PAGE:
In the Studio: Chie Fueki
Chie Fueki is a painter based in Beacon, NY, and a 2021 recipient of the Joan Mitchell Fellowship. We interviewed her about her work and studio processes in May 2022. The following is an edited transcript of that conversation.
I am a painter who works with a lot of collaged elements. My paintings are on wooden panel support and most of the surface is covered with collaged mulberry paper that has been painted in different colors with acrylic. I use these paper pieces as building blocks to make my surfaces. But I don't only work with collage; I draw and paint, and make brush marks, and pour, and do all kinds of processes simultaneously. There are many layers and elements that are interwoven with each other. I am really aware that I am a mixed language painter, so I would like for the formal language of how the paintings are built to relate to what I'm trying to say with the painting.
In my work, I have been focusing on different motifs of painting, from portraits to landscape painting or ornamental arts. I made a whole body of work based on a particular sport, which was football at one point… So, the motif shifts around depending on my interests, but there is a lot of continuity with material experimentation and formal vocabulary. One of the reasons why I'm interested in painting is because it is a place where mixed language situations can happen visually. The idea of that really excites me, but essentially every day in the studio, I'm just working with the materials.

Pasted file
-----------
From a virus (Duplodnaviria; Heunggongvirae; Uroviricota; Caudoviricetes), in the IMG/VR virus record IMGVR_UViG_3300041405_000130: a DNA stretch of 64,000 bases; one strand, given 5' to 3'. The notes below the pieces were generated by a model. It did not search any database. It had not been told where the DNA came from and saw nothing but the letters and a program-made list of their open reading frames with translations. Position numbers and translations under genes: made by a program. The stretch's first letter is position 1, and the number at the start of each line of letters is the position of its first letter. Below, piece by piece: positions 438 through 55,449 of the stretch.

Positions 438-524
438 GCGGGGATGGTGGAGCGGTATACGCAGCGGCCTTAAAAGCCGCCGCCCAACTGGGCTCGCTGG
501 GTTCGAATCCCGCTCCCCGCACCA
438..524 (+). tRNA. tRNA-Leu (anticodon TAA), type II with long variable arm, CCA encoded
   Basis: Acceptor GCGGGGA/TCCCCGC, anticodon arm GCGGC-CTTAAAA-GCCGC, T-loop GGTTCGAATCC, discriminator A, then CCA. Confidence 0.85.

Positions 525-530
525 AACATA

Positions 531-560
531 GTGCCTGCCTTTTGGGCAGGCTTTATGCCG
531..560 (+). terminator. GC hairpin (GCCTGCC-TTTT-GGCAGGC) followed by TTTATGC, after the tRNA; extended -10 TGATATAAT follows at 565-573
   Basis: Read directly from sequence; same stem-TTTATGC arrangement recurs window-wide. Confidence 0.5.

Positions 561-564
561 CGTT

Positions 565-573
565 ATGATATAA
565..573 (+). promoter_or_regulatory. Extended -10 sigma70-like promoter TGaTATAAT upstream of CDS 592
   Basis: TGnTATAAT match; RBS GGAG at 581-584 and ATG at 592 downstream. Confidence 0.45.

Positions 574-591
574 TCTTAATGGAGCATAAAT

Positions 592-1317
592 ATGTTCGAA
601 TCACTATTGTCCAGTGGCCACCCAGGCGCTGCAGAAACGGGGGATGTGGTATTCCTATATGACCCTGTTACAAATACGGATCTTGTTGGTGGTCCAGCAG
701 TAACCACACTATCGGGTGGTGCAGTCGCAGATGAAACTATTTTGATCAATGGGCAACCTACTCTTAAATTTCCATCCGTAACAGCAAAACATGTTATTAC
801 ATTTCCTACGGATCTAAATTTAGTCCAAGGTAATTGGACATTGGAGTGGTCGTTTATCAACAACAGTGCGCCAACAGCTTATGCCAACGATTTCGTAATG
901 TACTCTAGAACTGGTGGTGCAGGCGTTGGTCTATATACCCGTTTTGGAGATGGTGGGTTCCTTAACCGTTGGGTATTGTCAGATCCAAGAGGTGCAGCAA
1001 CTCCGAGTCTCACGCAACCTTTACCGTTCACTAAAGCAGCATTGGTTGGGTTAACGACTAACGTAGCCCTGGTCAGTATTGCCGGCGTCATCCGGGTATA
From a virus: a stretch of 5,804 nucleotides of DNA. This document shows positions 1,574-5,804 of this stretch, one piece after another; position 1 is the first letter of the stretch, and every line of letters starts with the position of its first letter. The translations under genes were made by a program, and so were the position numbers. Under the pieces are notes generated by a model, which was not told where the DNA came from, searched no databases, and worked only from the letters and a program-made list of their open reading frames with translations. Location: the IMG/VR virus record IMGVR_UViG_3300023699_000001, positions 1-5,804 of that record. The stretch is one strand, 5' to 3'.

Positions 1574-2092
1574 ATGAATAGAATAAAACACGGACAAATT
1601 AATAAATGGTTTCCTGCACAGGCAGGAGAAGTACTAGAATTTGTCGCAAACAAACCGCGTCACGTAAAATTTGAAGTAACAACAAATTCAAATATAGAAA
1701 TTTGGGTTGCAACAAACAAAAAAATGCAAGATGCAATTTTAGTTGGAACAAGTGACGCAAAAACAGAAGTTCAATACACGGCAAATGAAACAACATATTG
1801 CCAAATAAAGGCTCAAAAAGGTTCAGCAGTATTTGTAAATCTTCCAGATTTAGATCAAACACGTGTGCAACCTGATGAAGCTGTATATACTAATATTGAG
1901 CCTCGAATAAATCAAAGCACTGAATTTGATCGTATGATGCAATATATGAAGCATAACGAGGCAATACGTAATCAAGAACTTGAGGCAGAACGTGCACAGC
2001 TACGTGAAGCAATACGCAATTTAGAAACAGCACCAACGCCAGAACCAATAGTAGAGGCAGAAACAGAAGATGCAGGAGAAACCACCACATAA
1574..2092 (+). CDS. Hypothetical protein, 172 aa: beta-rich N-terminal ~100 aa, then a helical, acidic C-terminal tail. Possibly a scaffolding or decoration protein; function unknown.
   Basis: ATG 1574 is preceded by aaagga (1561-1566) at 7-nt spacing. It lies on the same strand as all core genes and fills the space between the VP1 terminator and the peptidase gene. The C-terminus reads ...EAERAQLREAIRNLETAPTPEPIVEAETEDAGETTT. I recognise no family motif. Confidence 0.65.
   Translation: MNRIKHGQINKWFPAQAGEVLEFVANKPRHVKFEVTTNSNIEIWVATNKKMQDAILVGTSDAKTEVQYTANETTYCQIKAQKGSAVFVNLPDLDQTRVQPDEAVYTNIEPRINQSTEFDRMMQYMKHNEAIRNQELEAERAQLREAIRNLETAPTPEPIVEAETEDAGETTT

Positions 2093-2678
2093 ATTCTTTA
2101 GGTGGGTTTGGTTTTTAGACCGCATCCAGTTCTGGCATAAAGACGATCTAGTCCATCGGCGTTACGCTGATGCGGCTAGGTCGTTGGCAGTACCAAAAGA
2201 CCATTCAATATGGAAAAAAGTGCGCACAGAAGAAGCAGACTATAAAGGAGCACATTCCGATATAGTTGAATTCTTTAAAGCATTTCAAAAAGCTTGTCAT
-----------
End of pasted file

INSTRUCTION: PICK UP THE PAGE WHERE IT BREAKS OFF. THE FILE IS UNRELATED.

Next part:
For example, I'm working with acrylic painting right now and all I've been thinking about for the last several days is if I can make acrylic paint look like half transparent marker, to get the paint to respond a certain way on paper or a panel, to wiggle and act in a certain way. And that's all I've been thinking about. So while in the background I am working through larger ideas with groups of paintings, day-to-day in the studio I’m mostly thinking about things like whether I can make a really transparent green act like a fluorescent color, but not with fluorescent paint.
Right now, I'm making a new body of work where I’m painting interior space, mostly without figures. The space that I’m focusing on is our apartment in Beacon, New York, which is a one bedroom apartment with a kitchenette, so a very box-like interior. We happen to live in a place from which we can see Mount Beacon beyond the Fishkill Creek. And so naturally, since we moved here, I've been very aware of the fact that we live in Hudson Valley. I recently located a painting of Mount Beacon by a Hudson Valley River School painter, and it's something I've been thinking about a lot. Because when I look out the window, the window itself is already immediately framing the view of the mountain or a view of the Hudson Valley itself.
The initial lockdown of the pandemic, and the time spent in this space, really motivated me to think about this viewpoint from the apartment. At first, I thought wow, I should make a landscape painting since that's what I'm looking out at. But then I realized that making a painting of what I'm seeing out of my window just did not really work for the way I think about things. So I decided to frame the view of the window with two giant black ribbons that kind of acted like a curtain or a quotation mark. I called this installation Mountain Altar.